Articles on Carbon sinks

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On March 7, 2019, demonstrators gathered outside the National Assembly in Paris. The sign above reads “Deputies, please save the climate”. The one in front reads “Fossilise the future?” Bertrand Guay/AFP

France and Britain in a race for carbon neutrality by 2050

By enacting a legislative framework to achieve carbon neutrality, France and the United Kingdom are making a difference in the fight against climate change.
Soil carbon can play a role in tackling climate change. Shutterstock

How soil carbon can help tackle climate change

Carbon in soil can help with tackling climate change. Maintaining soil quality by supporting farmers through economic incentives and technical approaches is important.
Days of protest by Extinction Rebellion have brought parts of London to a standstill. Shutterstock

UK becomes first country to declare a ‘climate emergency’

The move has been likened to putting the country on a "war footing", with climate and the environment at the very centre of all government policy, rather than being on the fringe of political decisions.
Trapping carbon dioxide in minerals happens naturally over thousands of years. Can humans speed it up – safely? Simon Clancy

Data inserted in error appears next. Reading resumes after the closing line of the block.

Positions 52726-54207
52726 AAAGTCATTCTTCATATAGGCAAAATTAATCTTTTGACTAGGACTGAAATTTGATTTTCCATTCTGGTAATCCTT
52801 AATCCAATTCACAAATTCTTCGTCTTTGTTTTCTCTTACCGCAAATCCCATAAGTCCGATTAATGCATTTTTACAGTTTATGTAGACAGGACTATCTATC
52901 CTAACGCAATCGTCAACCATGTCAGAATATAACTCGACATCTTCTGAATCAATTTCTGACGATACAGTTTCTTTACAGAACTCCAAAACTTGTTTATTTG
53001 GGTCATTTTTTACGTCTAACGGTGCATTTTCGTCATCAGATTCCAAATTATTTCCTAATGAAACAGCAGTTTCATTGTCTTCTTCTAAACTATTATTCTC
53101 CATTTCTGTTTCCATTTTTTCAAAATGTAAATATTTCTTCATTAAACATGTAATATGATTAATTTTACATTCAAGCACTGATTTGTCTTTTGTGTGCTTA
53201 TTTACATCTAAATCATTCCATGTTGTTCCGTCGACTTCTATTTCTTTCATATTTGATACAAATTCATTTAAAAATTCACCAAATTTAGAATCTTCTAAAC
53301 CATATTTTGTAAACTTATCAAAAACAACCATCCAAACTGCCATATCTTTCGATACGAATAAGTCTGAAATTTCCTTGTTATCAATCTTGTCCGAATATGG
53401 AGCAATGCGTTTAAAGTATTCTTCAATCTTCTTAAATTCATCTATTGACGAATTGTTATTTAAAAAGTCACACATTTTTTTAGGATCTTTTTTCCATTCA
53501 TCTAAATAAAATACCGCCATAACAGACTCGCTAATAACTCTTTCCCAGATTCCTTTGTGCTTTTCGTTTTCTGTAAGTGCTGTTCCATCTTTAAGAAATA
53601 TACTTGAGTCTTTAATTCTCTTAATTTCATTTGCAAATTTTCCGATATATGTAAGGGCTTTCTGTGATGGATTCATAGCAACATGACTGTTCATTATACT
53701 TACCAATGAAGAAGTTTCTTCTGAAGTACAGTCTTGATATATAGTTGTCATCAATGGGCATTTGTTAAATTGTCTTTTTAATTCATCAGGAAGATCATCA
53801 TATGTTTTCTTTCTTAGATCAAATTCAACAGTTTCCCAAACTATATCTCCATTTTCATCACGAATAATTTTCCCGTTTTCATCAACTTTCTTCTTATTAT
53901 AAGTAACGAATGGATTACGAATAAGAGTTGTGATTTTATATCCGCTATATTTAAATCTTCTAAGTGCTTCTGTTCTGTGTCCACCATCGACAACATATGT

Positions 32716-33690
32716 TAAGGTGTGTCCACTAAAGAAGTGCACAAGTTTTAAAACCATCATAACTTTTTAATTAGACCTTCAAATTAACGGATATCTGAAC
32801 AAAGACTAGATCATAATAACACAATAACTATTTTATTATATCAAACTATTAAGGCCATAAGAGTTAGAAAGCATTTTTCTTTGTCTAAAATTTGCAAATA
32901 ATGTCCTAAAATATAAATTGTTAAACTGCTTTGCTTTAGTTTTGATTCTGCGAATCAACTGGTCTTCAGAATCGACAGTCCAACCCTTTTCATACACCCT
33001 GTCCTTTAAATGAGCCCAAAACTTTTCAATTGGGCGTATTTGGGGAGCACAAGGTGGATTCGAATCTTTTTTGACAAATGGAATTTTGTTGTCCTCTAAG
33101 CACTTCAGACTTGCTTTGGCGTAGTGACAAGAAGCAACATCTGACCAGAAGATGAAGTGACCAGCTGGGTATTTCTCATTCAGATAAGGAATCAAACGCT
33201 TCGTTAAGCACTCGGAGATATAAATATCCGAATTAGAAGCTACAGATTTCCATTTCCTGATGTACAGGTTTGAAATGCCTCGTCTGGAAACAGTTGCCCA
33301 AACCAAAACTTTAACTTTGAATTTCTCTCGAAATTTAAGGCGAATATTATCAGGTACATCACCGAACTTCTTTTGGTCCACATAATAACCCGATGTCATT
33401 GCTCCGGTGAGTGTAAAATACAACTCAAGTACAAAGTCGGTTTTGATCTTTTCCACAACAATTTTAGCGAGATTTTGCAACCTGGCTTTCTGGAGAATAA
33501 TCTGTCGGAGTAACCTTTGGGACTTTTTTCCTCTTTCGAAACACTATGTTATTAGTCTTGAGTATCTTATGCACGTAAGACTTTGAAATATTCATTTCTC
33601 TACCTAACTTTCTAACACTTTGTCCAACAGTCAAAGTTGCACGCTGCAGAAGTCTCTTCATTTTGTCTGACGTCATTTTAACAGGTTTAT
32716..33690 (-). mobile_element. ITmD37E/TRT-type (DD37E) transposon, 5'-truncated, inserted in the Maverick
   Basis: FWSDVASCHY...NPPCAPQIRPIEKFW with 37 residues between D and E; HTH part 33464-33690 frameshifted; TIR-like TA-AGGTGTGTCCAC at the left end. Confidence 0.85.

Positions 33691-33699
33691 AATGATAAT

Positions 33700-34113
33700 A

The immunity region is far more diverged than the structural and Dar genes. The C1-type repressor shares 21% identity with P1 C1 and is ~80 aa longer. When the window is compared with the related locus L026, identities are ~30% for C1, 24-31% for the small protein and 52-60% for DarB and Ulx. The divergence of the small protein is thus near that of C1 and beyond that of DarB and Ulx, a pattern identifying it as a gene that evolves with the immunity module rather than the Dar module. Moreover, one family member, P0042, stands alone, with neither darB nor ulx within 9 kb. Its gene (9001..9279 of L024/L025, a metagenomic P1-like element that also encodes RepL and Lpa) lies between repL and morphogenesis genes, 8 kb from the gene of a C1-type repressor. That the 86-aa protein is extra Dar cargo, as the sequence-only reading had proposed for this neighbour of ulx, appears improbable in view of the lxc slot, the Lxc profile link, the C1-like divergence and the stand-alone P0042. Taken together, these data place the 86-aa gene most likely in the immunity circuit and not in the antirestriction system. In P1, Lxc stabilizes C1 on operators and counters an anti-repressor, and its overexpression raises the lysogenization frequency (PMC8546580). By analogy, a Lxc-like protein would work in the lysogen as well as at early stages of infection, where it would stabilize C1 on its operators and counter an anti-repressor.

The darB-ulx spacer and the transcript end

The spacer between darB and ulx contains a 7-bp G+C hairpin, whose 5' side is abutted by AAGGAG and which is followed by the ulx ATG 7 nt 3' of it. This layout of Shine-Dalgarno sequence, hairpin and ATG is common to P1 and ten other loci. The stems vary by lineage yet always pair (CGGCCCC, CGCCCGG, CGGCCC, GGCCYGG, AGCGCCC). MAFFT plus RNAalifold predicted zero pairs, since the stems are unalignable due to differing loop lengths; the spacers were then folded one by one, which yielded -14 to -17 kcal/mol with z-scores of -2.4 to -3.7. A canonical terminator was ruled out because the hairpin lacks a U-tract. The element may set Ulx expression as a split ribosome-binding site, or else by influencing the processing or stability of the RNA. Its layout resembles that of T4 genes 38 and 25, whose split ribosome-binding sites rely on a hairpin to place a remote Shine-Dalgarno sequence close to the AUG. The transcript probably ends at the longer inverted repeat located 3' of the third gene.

Can we tweak marine chemistry to help stave off climate change?

Adding industrial chemicals and natural alkaline minerals could slow climate change, but like other geoengineering proposals, it comes with many complex technical and legal challenges.
Agriculture is a unique sector for a just transition. (Shutterstock)

How to fight climate change in agriculture while protecting jobs

Agriculture needs to cut its greenhouse gas emissions, yet we must also find a way to produce more food if we are to feed 10 billion people by 2050. A "just transition" could help make that happen.
Marshes at Blackwater National Wildlife Refuge on Maryland’s Eastern Shore. Ataraxy22/Wikimedia

Protecting the world’s wetlands: 5 essential reads

Marshes, swamps and other kinds of wetlands provide valuable services, such as effective natural flood control. But they are being destroyed for development in many parts of the world.
The submersible Alvin about 8,500 feet down, studying seafloor volcanoes and eruptions. (c) Woods Hole Oceanographic Institution with thanks to Daniel Fornari – WHOI-MISO Facility (www.whoi.edu/miso) and National Science Foundation

Scientist at work: I’m a geologist who’s dived dozens of times to explore submarine volcanoes

When you study volcanoes at mid-ocean ridges, doing fieldwork means becoming an aquanaut – diving thousands of feet to the ocean floor in the submersible Alvin, trading tight quarters for amazing views.

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